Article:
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Utah Travel Headlines

Tuesday, June 28, 2011

US National Parks Face Serious Threats

The National Parks Conservation Association has completed a comprehensive assessment of the health of US national parks, and concluded that our parks face grave threats that need to be addressed now.

Utah's National Parks scored better than average in most respects, but the report pinpointed many substantial problems.

The Deseret News has this article about the report. Below are excerpts.

"This is the most comprehensive effort ever undertaken in assessing the health of our national parks," Tom Kiernan, president of the conservation association, said in a teleconference. "Our parks are not in the best of health."

Among those studied are four of Utah's national parks, including Zion, Canyonlands, Capitol Reef and Bryce. Both Bryce and Zion received "good" overall scores in terms of natural resources but were dinged for protection of cultural resources, scoring "poor."

Capital Reef scored "fair" in both categories, while Canyonlands scored fair in natural resources but poor in its documentation and assessment of cultural resources.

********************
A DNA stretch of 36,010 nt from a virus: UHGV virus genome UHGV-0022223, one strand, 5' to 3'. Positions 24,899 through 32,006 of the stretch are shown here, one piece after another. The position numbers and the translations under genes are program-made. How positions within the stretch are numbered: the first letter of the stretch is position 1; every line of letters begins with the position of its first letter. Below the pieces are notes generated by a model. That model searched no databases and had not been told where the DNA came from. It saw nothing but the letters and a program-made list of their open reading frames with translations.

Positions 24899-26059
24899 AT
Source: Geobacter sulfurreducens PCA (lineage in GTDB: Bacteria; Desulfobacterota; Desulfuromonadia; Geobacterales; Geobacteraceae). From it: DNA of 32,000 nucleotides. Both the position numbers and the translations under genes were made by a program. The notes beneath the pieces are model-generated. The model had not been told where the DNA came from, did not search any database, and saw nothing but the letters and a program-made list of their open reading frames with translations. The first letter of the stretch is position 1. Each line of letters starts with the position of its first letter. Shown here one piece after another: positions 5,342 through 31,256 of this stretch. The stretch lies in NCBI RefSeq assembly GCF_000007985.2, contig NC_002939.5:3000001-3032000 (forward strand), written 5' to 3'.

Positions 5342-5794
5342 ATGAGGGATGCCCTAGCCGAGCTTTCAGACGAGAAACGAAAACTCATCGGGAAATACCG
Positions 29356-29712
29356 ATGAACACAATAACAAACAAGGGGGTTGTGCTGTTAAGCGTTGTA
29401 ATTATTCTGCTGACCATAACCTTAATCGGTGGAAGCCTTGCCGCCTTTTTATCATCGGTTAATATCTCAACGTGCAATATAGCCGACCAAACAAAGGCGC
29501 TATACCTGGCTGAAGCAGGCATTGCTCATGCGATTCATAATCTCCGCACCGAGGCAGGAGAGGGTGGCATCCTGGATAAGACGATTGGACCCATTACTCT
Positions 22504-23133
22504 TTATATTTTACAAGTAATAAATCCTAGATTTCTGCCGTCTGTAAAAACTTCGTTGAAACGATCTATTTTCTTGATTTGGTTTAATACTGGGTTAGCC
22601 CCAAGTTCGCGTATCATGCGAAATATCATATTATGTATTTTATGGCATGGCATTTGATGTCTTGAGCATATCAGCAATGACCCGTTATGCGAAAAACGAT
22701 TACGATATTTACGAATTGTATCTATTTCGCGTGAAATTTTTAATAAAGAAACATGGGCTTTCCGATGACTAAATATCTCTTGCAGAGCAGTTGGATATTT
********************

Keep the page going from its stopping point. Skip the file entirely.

Overall, the report noted that as of fiscal year 2010, the National Park Service had an annual operating shortfall of more than $600 million and a backlog of maintenance projects totaling nearly $11 billion.

Not a single park, for example, had cultural resources that were graded in "excellent" condition, with the report underscoring that there are millions of artifacts left uncatalogued and few parks have even taken steps to conduct a park-wide study of what treasures may exist.

Such was the case with Canyonlands National Park, which the report noted has many known prehistoric sites such as Barrier Canyon rock art, but lacked an assessment nevertheless.

In contrast, Capitol Reef National Park has the staff to conduct annual monitoring of the park's 25 historic structures and the data is kept up to date, the report said. Comprehensive condition assessments are performed every five years, and all structures have been evaluated for listing on the National Register for Historic Places.


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